Organizations, I might submit, then, do not "die." Relative to their capacity to deliver on their mission they can thrive, wane, drift, gain or lose influence,  or cease to function. But none of those is the same as dying, or even "living" for that matter. 

3. It Inhibits Adaptive Change

The term "dying" when applied to a human organization messes too much with our emotions in ways that don't do nearly enough to help us turn the organization in more prosperous directions.

We will tend to say an organization such as the UMC is dying with two different, though often intertwined, emotional motivations: sadness and fear.


Sadness keeps us stuck or delays us moving on
Some of us  may say "The UMC in the US is dying" to convey our feelings sadness and loss. We have lost people in the US. Fewer people attend our services or join our congregations as professing members now in the US than in the past. We are closing many congregations. Of course, we have also planted over 600 congregations here since 2008, a higher rate than at any time since the early 1920s.  And nearly half of these are non-white ethnic or multicultural new church starts! We used to have  great influence in the culture and politics of the US, but not any more. The proportions of children and younger, more affluent or upwardly mobile adults active in our congregations are shrinking while the older adult populations on limited incomes and facing more health challenges the longer they live are increasing. But we forget or possibly aren't aware that the average life expectancy in the US has climbed substantially (and will likely keep climbing!),   religiously active people live even longer,  birth rates have declined, and death rates are low and predicted to remain low and fairly stable through 2050.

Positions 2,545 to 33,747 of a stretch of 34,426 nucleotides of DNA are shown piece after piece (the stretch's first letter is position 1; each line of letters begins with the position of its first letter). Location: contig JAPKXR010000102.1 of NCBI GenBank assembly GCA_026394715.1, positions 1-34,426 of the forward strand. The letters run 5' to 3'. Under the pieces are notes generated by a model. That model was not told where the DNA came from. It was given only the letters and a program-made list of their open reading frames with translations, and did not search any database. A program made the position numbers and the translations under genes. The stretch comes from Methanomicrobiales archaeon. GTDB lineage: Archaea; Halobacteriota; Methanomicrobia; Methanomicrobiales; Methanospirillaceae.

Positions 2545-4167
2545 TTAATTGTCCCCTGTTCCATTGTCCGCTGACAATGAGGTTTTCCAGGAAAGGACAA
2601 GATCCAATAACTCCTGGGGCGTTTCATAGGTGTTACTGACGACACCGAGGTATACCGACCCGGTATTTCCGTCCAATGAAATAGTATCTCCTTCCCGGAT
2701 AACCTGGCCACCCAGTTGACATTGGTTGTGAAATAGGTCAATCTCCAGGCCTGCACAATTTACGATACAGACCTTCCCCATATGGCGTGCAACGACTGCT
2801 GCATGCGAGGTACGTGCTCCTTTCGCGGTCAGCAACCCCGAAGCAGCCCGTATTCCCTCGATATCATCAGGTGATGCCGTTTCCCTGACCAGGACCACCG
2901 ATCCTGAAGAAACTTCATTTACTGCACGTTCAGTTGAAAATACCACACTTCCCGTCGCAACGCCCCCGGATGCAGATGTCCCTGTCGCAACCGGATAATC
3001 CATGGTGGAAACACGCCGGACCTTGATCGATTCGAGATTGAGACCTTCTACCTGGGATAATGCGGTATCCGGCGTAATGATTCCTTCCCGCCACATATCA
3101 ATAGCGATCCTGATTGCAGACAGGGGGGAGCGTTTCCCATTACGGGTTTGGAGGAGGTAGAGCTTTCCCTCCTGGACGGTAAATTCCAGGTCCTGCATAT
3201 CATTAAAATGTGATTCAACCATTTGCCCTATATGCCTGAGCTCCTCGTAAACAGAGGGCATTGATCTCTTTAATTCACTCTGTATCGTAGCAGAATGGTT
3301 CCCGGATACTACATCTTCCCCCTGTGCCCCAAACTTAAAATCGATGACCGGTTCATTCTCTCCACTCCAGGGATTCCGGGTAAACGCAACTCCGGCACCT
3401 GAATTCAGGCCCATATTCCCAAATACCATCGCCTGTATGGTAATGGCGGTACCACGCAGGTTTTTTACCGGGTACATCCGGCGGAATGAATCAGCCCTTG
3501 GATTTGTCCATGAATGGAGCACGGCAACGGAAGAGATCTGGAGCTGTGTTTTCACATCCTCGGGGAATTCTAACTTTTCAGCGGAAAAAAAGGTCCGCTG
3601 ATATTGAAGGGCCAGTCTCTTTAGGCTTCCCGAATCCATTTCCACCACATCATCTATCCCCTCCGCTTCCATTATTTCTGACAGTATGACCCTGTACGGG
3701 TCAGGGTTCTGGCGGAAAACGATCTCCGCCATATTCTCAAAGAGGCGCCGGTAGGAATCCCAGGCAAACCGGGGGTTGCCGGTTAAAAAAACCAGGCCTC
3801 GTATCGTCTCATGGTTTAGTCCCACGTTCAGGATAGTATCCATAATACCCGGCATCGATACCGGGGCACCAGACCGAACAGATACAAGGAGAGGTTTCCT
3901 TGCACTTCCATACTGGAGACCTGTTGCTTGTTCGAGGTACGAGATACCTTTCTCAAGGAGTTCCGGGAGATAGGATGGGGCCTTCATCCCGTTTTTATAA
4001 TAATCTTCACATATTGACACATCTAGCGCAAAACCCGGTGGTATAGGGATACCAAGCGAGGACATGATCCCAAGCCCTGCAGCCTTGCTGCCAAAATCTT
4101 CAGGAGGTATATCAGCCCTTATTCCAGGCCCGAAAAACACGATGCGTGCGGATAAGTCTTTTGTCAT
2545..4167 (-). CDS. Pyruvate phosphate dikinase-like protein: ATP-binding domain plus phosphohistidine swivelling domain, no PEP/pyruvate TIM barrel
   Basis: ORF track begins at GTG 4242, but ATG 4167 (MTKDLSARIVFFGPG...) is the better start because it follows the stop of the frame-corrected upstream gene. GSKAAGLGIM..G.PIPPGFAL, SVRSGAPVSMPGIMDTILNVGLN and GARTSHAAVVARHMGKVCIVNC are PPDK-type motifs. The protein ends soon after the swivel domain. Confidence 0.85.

If we say, "We are dying" and then we point to such perceptions of our situation (anecdotal or statistical) to back them up, we are claiming all of these situations as losses subject to our sadness. In fact, not all of them are "losses." Indeed, the "aging" of the UMC in the US puts us in grand position to reach the fastest growing age segment of the US population from now to 2050! But we frame even these opportunities as losses to support our sense of sadness over those things which can be seen as dramatic changes, if not also losses. And then we share the burden of our hearts with others around us, making a contagion of our sadness.

Let's be clear. Sadness in the culture of an organization does not motivate adaptive change. It is far easier for sadness to move toward depression, and depression to keep our minds stuck on what was lost and what used to be, and thereby priming us to try to restore a past state than to discern and make adaptive organizational changes that better fit current realities.  To be sure, remembering and feeling the pain of what is lost is essential when we grieve. But the growth stage of grief, that might lead toward adaptive change (finding new patterns of life in the changed circumstances of the losses incurred), happens long after we have processed the sadness.